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Five things we learned on the Diamond League's opening weekend

Five things we learned on the Diamond League’s opening weekend

| On 17, May 2015

The 2015 Diamond League tour kicked off with two meets, in Doha on Friday and Beijing Shanghai on Sunday. Kevin Sully will have his usual analysis of the week’s action tomorrow morning, but here are five quick takes on the weekend’s action.

1. No one is holding back this year.
While the 2014 season was a holding pattern for the most part (with the men’s high jump as a notable exception), the 2015 season opened with a bang. All-time top ten marks were recorded in the men’s 100, men’s triple jump, women’s 5000 and women’s 100 hurdles. Four Diamond League records were set. The level of competition was stunningly high for the third weekend of May. It’s no guarantee that better marks are to come, but it’s already jaw-dropping.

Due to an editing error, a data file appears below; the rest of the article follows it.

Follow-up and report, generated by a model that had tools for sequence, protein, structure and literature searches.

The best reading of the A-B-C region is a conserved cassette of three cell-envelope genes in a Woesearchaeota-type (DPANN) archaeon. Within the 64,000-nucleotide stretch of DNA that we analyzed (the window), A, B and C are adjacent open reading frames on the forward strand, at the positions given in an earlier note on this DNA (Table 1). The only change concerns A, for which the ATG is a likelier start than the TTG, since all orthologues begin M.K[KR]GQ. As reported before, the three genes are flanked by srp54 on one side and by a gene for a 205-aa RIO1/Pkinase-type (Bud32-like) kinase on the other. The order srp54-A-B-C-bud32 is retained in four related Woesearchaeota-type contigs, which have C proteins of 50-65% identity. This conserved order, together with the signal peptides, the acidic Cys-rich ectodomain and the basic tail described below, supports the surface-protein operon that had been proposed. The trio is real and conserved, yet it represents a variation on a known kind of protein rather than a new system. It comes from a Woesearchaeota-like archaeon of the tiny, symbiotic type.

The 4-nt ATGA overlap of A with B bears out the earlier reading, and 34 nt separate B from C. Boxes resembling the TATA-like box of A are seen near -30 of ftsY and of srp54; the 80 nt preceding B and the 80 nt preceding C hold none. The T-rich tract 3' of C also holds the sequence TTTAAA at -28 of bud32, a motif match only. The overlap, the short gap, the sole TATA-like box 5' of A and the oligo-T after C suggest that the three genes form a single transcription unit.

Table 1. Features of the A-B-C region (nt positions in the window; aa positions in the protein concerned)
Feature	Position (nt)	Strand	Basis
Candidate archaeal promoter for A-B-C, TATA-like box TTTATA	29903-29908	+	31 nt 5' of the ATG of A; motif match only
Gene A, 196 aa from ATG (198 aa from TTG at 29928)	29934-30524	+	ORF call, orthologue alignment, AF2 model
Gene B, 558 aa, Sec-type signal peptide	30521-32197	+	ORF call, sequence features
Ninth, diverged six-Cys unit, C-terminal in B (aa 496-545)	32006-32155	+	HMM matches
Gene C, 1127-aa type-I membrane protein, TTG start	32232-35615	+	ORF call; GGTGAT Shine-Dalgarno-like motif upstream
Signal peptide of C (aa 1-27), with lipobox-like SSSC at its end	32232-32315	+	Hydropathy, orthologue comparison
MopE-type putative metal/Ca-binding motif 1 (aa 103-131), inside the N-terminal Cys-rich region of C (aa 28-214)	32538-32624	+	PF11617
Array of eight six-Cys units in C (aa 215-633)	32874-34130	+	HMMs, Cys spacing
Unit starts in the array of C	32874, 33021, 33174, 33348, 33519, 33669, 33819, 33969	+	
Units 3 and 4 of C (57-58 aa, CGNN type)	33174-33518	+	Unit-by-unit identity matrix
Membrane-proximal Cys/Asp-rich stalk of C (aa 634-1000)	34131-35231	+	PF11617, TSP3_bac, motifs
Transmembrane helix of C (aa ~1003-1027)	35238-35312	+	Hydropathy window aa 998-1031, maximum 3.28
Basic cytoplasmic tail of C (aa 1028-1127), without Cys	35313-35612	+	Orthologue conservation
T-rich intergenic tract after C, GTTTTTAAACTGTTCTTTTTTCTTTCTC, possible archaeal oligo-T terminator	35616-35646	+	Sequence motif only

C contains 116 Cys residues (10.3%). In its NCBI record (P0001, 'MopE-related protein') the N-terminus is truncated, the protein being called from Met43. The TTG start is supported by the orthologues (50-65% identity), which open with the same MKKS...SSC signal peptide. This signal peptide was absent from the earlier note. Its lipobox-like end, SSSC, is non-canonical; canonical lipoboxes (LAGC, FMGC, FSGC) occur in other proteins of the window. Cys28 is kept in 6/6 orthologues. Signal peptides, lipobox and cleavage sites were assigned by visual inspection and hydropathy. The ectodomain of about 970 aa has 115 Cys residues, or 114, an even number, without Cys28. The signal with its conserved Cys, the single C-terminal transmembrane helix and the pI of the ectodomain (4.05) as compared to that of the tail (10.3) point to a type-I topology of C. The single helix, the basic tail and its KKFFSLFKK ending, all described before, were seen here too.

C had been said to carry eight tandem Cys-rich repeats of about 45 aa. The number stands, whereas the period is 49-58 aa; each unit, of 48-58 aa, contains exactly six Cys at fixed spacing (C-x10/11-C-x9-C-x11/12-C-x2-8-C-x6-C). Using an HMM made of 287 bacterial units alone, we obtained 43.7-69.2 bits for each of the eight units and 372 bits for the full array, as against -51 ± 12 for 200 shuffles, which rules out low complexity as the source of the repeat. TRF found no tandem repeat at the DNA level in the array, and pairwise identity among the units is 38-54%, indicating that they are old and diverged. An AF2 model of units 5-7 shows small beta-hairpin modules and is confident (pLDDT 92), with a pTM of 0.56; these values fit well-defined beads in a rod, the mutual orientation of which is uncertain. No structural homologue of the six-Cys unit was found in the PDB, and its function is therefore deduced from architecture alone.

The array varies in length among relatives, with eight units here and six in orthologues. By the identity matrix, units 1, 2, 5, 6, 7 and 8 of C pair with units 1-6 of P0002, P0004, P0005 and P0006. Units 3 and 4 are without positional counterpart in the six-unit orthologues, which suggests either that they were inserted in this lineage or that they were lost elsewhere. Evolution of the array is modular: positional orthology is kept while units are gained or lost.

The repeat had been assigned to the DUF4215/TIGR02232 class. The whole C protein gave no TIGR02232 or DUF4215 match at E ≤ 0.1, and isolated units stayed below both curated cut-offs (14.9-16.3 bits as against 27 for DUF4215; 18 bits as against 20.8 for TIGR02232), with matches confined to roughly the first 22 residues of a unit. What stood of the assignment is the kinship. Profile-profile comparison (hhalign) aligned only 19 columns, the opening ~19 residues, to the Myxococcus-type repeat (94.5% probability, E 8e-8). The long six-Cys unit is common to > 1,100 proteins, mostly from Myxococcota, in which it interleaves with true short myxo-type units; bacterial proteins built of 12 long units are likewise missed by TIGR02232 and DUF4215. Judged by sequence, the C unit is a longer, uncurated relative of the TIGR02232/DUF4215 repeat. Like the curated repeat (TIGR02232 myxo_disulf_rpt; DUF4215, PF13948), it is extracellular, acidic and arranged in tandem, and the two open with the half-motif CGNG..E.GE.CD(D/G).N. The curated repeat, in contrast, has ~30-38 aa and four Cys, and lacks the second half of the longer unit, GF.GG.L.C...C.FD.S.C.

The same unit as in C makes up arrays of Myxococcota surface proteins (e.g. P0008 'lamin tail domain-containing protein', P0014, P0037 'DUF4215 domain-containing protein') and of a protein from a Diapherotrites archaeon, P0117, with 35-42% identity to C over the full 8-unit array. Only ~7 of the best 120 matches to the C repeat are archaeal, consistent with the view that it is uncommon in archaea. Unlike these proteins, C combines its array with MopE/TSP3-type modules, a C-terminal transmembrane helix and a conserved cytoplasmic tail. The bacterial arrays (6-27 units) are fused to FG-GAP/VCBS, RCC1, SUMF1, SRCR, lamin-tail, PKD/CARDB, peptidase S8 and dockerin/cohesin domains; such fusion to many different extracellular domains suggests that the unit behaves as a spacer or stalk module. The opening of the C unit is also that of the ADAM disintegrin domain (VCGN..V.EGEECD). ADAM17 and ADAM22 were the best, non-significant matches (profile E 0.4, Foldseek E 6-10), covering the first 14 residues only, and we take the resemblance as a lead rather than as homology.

2. Gatlin will not go quietly into the night.
Anyone who saw the disastrous US men’s 4×200 at the World Relays two weeks ago noticed two things. One is that USATF leadership must have no standards for accountability whatsoever; the same sprint relay coach that produced a 50% completion rate at last year’s World Relays was brought back for another 50% completion rate (and subsequently has been rewarded with the relay coaching job for the 2015 Worlds team).

The other was that Justin Gatlin was in prime form. Running anchor, he got the baton just about dead last and brought it home third. The imprecise nature of relay legs makes them subject to fishing story levels of exaggeration, but under these circumstances it was simply a moment that made people say “holy crap”. It also served notice that Gatlin and his doping-related baggage will not just conveniently disappear.